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"Piggies"

(19. September 1968, Abbey Road Studios)




Also one of the songs that George has written in Rishikesh, a kind of spoof of the establishment. Little pigs in the mud and larger pigs in white shirts who ate bacon for supper, but were so taken by themselves, that they didn't recognize their own sick cannibalism.

Grandiose harpsichord decorations accentuated the absurdity of their predicament. In the middle George remained stuck at a line that should rhyme with "lacking", and it was his mother suggesting "a damm good whacking" - a method that she as a mother never used herself.

Nicolaus Schaffner adds in his book "Beatles Forever":
"Nonetheless, the four Harrisongs that did surface on the White Album firmly established him as a contender. George, having finally concluded that his mystical tracts needn't necessarily be accompanied by Hindu music, managed to turn in a quartet of more conventionally accessible pop songs that many felt were among the finest on the album. George Harrison had begun to reap the rewards of all those years of subservient apprenticeship to Lennon and Mc Cartney : now he was writing melodies as strong as their own. George's music works best when soft and sweet, when it caresses and envelops his listeners like fine Indian silk.

He may not have what it takes to belt out a song like John or Paul, but when he tones his voice down to an ethereal near whisper, as in " Long Long Long " he can evoke as well as anyone the magic and the mystery of what Jonathan Cott has called " the music of deep silence "

But with 'Piggies' George Harrison turns from the spirit to the flesh, to sling some caustic barbs at a greedy and materialistic establishment. 1968 - the year of Daley's convention, Nixon's election, and unprecedented numbers of student and anti-Vietnam War demonstrations - was a time, when any representative of 'the system' particularly a politician or a policeman, was fated to automatically take on the guise of a 'pig' in the view of much of the counterculture. Although this song was created bevor George's drug bust, Harrison's 'Piggies' are merciless stereotypes. All dressed up in their starchy finery, they wallow in their 'clean dirt' and gorge themselves on bacon (the Beatles themselves had all become vegetarians) to the accompaniment of a drawingroom harpsichord, as the boys oink derisively in the background."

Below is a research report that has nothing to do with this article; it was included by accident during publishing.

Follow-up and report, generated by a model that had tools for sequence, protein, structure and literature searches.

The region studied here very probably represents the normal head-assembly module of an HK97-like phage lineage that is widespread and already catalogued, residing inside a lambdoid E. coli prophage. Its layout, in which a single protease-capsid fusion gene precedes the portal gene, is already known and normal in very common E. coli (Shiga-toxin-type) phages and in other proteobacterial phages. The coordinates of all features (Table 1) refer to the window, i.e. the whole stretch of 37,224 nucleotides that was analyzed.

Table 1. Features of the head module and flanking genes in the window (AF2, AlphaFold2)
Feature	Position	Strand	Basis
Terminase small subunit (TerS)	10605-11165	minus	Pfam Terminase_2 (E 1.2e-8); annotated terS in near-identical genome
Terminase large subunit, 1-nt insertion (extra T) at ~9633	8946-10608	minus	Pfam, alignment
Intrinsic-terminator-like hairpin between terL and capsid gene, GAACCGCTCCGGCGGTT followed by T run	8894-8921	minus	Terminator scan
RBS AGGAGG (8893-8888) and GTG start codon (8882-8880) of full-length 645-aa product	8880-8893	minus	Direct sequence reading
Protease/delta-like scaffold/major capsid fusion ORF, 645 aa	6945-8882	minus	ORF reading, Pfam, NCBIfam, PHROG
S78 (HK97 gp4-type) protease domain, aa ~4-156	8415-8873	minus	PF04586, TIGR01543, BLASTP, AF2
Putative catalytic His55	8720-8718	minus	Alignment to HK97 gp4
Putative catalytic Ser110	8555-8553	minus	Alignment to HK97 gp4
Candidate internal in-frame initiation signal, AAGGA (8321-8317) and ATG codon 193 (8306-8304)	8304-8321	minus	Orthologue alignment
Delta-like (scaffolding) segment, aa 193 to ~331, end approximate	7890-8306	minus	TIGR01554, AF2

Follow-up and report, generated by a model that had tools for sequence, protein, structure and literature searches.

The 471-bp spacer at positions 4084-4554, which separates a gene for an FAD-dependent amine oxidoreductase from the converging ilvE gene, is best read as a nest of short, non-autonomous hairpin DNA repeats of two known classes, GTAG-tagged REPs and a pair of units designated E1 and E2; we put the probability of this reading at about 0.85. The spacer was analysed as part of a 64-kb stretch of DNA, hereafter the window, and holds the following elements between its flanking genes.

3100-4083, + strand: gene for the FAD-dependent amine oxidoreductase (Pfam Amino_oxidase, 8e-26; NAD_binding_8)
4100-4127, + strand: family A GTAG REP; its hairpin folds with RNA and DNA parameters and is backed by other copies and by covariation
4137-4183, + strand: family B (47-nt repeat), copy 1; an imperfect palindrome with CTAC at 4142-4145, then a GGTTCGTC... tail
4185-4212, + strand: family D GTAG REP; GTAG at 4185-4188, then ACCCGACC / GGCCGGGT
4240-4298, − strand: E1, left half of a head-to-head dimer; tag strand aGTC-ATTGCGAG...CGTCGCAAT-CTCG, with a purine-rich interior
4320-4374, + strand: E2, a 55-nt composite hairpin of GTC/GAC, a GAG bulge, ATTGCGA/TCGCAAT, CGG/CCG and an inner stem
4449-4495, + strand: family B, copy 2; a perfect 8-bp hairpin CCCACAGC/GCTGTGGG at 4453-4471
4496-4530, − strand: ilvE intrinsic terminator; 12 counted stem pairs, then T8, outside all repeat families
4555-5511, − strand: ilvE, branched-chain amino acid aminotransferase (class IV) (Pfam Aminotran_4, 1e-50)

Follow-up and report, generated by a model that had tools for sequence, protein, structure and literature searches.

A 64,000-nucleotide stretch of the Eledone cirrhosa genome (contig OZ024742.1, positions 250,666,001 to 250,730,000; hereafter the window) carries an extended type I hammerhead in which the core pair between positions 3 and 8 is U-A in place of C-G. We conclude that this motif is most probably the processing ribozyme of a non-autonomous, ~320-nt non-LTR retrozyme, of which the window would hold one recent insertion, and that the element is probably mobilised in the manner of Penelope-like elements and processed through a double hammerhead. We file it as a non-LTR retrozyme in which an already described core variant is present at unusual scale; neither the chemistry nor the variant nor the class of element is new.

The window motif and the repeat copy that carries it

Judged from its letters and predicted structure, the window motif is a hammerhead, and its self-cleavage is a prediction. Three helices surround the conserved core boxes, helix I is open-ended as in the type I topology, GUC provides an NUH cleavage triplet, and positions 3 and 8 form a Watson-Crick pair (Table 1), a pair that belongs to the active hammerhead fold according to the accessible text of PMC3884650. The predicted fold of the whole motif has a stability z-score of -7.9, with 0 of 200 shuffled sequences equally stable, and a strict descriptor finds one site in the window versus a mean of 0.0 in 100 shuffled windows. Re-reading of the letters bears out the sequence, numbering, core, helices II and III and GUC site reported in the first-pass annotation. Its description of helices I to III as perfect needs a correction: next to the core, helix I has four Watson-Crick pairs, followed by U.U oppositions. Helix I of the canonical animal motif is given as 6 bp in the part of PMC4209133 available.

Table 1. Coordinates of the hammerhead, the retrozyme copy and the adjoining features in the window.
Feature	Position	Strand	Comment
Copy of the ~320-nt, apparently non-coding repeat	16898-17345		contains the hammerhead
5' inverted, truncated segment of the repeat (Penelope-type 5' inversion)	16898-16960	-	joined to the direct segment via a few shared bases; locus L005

Some of the greatest cover versions of Beatles songs indeed are by the "Beatles Barkers': dogs, cats, sheep and even elephants interpreting songs like "Love Me Do" or "We Can Work it Out".





(Beatles "Piggies" at YouTube)






The only Beatle who had anticipated this development congenial, George Harrison was with his song "Piggies"and it's wonderful Schweinegrunzen in the background certainly a jewel of the White Album, in my opinion, and also the most explicit social opinion of the elusive thoughtful guitarist of the Beatles.

Until then turned to more profound love poetry, thoughtful George Harrison under the influence of Bob Dylan's suddenly "pigs in starched white shirts with lines like" In their eyes there's something lacking, what they need's a damm good whacking. " To Georges horror was the song chosen later by Charles Manson and his murderous path to a kind of leitmotif, as well as "Helter Skelter" Manson saw it as secret messages.

George Harrison, said in his autobiography I Me Mine:
"Piggies is a social comment. I was stuck for one line in the middle until my mother came up with the 'What they need is a damm good whacking!' (a damned good throttling), which is a nice simple way of saying they need a good hiding. It needed to rhyme with backing, lacking and had absolutely nothing to do with American policemen or Californian shagnasties.! You can see from the facsimile ( in I Me Mine ) that an extra vers was written but not used:

Everywhere there's lots of piggies - playing Piggy Pranks
You can see them on their trotters - at the Piggy Banks
Paying Piggy thanks - to thee Pig brother. ! "










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